The death toll from an outbreak of Listeria in South Africa has jumped beyond 60 in the past month, health authorities said on January 8, adding they had closed a poultry abattoir where the bug that causes the disease had been detected.
Since monitoring of the outbreak began last January, 720 laboratory-confirmed cases of food poisoning due to the disease, also known as listeriosis, have been reported, the National Institute of Communicable Diseases (NICD) said.
That was up from 557 in December, since when recorded deaths had risen to 61 from 36.
A food microbiologist said the “alarming” outbreak appeared to be the biggest ever recorded and could spread further if it was not tackled urgently.
“Of the documented outbreaks globally that we know of… our numbers are way above any of those other cases,” said Dr. Lucia Anelich, who runs her own food safety consultancy.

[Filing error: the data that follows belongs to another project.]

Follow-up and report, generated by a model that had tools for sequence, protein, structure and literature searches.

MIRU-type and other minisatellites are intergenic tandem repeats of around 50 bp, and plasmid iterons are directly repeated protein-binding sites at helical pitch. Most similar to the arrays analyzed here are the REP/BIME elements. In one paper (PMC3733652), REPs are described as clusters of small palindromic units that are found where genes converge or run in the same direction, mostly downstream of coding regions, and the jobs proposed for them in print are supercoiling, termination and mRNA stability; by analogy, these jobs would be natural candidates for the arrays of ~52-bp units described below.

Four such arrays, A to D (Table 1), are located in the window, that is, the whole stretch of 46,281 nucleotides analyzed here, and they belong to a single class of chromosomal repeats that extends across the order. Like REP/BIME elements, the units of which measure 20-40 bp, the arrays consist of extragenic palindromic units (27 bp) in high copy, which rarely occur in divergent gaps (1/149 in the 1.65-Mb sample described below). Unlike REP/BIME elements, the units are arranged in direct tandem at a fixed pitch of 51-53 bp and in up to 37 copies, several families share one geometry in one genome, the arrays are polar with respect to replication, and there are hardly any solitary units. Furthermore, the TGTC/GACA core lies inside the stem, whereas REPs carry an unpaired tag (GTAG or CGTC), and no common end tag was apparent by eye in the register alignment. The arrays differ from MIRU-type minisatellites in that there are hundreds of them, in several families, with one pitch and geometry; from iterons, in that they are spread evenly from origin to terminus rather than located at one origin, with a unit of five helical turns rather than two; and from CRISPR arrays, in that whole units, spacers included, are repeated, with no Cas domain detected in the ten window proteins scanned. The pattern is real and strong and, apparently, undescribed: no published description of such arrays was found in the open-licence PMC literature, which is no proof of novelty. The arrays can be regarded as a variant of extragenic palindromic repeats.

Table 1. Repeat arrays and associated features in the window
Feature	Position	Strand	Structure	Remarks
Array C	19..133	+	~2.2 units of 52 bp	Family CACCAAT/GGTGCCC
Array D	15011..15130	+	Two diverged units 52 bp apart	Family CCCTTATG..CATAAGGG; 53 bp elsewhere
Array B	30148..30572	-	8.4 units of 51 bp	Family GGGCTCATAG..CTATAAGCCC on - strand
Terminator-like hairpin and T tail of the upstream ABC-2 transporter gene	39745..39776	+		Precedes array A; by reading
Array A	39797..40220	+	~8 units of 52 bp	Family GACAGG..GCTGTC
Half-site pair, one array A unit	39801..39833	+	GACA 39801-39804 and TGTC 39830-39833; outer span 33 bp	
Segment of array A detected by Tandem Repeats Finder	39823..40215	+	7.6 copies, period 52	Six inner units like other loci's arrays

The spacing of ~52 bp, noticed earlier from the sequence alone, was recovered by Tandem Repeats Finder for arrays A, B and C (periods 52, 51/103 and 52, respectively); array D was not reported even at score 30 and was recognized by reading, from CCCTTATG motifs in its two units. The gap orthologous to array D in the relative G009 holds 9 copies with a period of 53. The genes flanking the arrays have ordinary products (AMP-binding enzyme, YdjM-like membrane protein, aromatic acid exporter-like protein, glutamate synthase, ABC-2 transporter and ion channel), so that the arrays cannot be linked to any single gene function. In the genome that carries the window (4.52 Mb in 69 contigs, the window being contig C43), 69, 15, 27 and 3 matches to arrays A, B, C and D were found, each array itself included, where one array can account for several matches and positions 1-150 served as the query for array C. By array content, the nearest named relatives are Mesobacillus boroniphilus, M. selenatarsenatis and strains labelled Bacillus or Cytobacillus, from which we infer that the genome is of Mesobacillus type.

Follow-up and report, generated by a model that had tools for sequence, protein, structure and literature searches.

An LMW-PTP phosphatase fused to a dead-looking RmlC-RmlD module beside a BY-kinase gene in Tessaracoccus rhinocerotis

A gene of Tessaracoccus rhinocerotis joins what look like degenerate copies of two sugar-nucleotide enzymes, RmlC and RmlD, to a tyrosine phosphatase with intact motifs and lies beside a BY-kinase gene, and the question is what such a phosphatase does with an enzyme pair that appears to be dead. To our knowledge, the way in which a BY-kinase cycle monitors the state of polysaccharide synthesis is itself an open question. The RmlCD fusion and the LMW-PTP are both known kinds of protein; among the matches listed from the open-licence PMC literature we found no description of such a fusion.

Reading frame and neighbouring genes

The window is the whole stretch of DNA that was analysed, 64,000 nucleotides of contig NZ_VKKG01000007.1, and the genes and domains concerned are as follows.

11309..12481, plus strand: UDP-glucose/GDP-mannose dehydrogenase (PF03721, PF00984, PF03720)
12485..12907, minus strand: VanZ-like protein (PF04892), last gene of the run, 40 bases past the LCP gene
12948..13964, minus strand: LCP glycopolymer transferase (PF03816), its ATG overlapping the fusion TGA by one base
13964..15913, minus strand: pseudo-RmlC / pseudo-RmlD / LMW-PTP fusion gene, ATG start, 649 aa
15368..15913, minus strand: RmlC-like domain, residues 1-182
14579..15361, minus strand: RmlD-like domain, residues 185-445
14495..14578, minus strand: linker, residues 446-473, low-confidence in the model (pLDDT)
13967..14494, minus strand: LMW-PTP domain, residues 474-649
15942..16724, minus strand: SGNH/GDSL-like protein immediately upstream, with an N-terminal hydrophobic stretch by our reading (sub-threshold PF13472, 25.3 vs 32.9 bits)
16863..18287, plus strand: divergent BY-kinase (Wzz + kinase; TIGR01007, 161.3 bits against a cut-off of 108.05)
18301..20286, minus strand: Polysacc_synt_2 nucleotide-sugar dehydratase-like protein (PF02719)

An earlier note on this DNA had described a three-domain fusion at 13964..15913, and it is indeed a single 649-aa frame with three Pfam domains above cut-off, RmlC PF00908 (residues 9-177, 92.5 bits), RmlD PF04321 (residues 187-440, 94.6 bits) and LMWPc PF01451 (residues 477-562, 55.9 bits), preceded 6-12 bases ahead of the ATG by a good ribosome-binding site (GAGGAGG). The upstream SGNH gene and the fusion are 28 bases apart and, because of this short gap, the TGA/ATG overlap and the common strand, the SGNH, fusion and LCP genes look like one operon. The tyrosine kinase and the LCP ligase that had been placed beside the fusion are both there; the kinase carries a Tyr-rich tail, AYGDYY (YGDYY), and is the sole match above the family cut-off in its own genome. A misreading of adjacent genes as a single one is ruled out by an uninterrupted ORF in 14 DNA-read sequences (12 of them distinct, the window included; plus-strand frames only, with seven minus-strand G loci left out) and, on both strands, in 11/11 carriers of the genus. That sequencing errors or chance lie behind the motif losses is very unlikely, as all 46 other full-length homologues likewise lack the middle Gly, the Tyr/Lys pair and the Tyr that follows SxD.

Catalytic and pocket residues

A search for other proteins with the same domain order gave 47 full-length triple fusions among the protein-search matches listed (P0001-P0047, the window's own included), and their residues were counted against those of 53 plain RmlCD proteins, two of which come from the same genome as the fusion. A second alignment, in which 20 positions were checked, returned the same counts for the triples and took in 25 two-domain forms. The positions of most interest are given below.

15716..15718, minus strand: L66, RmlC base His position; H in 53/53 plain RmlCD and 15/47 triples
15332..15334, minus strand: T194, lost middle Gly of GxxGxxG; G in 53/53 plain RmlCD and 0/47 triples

The Department of Health said it had closed a poultry abattoir operated by Sovereign Foods in the capital Pretoria after detecting listeria there, and had banned it from preparing food.
The department said it did not yet know whether this abattoir was the source of the outbreak, which the NICD said was still unknown.
No one at Sovereign Foods, which delisted from the Johannesburg stock exchange in November, was immediately available for comment.
Listeria food poisoning is a bacterial infection that can be treated with antibiotics if diagnosed in time. The bacteria can be found in animal products including cold cut meats, poultry, and unpasteurized milk, as well as fresh fruits and vegetables.
The disease can cause flu-like symptoms and diarrhea, and in more severe cases spread from the intestine to the blood, causing bloodstream infections, or to the central nervous system, causing meningitis.
Anelich said a listeriosis strain known as ST6 had been identified in nine out of 10 of the South African cases. That should make tracing the source easier, “because now we know that it probably originates from one processing facility.”
A health department official said the strain was not drug-resistant and that the deaths were due to delays in diagnosis, meaning cases were not treated in time.